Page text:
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Campaign Contributions – What Do They Buy and Should They be Capped?

  • Thomas Stratmann

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Article provided by Ifo Institute for Economic Research at the University of Munich in its journal DICE.

Volume (Year): 9 (2011)
Issue (Month): 1 (05)
Pages: 17-20

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Handle: RePEc:ces:ifodic:v:9:y:2011:i:1:p:17-20
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  1. Grossman, G.M. & Helpman, E., 1992. "Protection for Sale," Papers 21-92, Tel Aviv.
  2. Stratmann, Thomas, 2002. "Can Special Interests Buy Congressional Votes? Evidence from Financial Services Legislation," Journal of Law and Economics, University of Chicago Press, vol. 45(2), pages 345-73, October.
  3. Thomas Stratmann, 2005. "Some talk: Money in politics. A (partial) review of the literature," Public Choice, Springer, vol. 124(1), pages 135-156, July.
  4. Seema Jayachandran, 2004. "The Jeffords Effect," UCLA Economics Online Papers 297, UCLA Department of Economics.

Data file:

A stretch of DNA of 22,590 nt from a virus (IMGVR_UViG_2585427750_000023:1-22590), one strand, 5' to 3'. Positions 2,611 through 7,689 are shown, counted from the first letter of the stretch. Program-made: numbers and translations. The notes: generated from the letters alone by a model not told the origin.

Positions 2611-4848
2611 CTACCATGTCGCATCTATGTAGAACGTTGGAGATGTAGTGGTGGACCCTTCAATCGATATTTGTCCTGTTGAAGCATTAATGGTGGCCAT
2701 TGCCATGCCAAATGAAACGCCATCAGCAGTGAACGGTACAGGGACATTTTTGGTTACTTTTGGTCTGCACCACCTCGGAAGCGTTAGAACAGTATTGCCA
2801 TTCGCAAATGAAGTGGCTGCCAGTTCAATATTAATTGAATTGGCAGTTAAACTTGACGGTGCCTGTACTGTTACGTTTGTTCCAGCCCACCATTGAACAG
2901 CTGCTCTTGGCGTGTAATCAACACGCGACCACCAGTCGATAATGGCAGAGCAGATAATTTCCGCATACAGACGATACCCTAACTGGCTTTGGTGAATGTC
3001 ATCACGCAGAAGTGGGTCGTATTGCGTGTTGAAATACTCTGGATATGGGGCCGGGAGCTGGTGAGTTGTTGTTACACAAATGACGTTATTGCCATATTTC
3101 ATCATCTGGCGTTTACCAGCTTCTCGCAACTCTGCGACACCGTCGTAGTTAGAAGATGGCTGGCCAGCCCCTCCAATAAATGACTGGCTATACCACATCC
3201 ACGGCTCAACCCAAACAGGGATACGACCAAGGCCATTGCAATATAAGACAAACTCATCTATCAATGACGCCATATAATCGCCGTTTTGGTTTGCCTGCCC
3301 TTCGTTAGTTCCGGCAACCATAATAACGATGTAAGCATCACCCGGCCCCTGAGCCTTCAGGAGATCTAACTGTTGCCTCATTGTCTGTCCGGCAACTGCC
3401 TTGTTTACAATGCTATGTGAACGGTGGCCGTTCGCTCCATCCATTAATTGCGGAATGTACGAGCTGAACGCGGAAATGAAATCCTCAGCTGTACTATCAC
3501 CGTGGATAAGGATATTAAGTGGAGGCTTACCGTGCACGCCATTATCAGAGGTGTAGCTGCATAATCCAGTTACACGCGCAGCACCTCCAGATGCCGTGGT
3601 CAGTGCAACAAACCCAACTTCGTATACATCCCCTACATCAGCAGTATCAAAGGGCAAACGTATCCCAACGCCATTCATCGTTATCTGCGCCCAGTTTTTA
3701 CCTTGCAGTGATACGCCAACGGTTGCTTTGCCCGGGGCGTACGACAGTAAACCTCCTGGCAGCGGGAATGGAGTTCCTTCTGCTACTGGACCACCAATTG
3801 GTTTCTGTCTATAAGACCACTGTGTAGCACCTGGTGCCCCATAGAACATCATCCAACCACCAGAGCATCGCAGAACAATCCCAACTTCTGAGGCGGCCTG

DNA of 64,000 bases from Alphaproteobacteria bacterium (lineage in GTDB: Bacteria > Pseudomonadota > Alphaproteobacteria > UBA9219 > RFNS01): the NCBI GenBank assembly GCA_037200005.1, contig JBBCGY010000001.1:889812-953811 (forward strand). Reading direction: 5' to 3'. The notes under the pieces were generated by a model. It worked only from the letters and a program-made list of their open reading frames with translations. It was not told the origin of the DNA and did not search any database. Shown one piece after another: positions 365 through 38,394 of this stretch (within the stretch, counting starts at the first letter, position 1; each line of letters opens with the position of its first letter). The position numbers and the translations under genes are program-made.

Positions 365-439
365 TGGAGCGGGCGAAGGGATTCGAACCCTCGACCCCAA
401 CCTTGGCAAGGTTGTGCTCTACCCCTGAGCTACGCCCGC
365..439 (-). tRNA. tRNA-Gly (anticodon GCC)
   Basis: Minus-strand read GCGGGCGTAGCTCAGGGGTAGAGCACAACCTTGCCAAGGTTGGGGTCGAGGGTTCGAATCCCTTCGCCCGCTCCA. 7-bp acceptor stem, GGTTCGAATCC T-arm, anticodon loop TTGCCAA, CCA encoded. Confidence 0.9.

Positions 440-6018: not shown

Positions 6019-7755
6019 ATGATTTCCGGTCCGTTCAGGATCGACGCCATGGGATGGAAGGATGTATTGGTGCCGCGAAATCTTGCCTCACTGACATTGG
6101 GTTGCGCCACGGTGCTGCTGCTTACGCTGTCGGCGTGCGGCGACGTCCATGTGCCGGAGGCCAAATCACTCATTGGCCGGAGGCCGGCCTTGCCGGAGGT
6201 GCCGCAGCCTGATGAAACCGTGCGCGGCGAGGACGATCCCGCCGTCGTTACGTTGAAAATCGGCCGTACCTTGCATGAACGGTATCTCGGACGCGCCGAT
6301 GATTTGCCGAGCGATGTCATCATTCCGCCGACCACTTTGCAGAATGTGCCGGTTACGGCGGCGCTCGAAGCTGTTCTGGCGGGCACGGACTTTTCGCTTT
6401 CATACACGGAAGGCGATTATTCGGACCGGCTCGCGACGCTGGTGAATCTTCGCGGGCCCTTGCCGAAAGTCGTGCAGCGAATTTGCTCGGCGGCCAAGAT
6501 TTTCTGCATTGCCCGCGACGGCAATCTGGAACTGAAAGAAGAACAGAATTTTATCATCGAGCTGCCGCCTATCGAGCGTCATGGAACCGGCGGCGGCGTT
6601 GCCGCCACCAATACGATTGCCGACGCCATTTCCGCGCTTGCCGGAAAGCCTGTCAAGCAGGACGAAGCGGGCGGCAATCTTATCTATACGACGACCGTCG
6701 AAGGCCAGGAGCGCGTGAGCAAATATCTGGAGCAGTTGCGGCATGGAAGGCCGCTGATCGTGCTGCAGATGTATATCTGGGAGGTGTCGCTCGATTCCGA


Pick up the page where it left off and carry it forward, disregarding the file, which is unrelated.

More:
5. Stephen Coate, 2004. "Pareto-Improving Campaign Finance Policy," American Economic Review, American Economic Association, vol. 94(3), pages 628-655, June.
  6. Michael J. Cooper & Huseyin Gulen & Alexei V. Ovtchinnikov, 2010. "Corporate Political Contributions and Stock Returns," Journal of Finance, American Finance Association, vol. 65(2), pages 687-724, 04.
  7. Houser, Daniel & Morton, Rebecca & Stratmann, Thomas, 2011. "Turned on or turned out? Campaign advertising, information and voting," European Journal of Political Economy, Elsevier, vol. 27(4), pages 708-727.
  8. Stephen Ansolabehere & John M. de Figueiredo & James M. Snyder Jr, 2003. "Why is There so Little Money in U.S. Politics?," Journal of Economic Perspectives, American Economic Association, vol. 17(1), pages 105-130, Winter.
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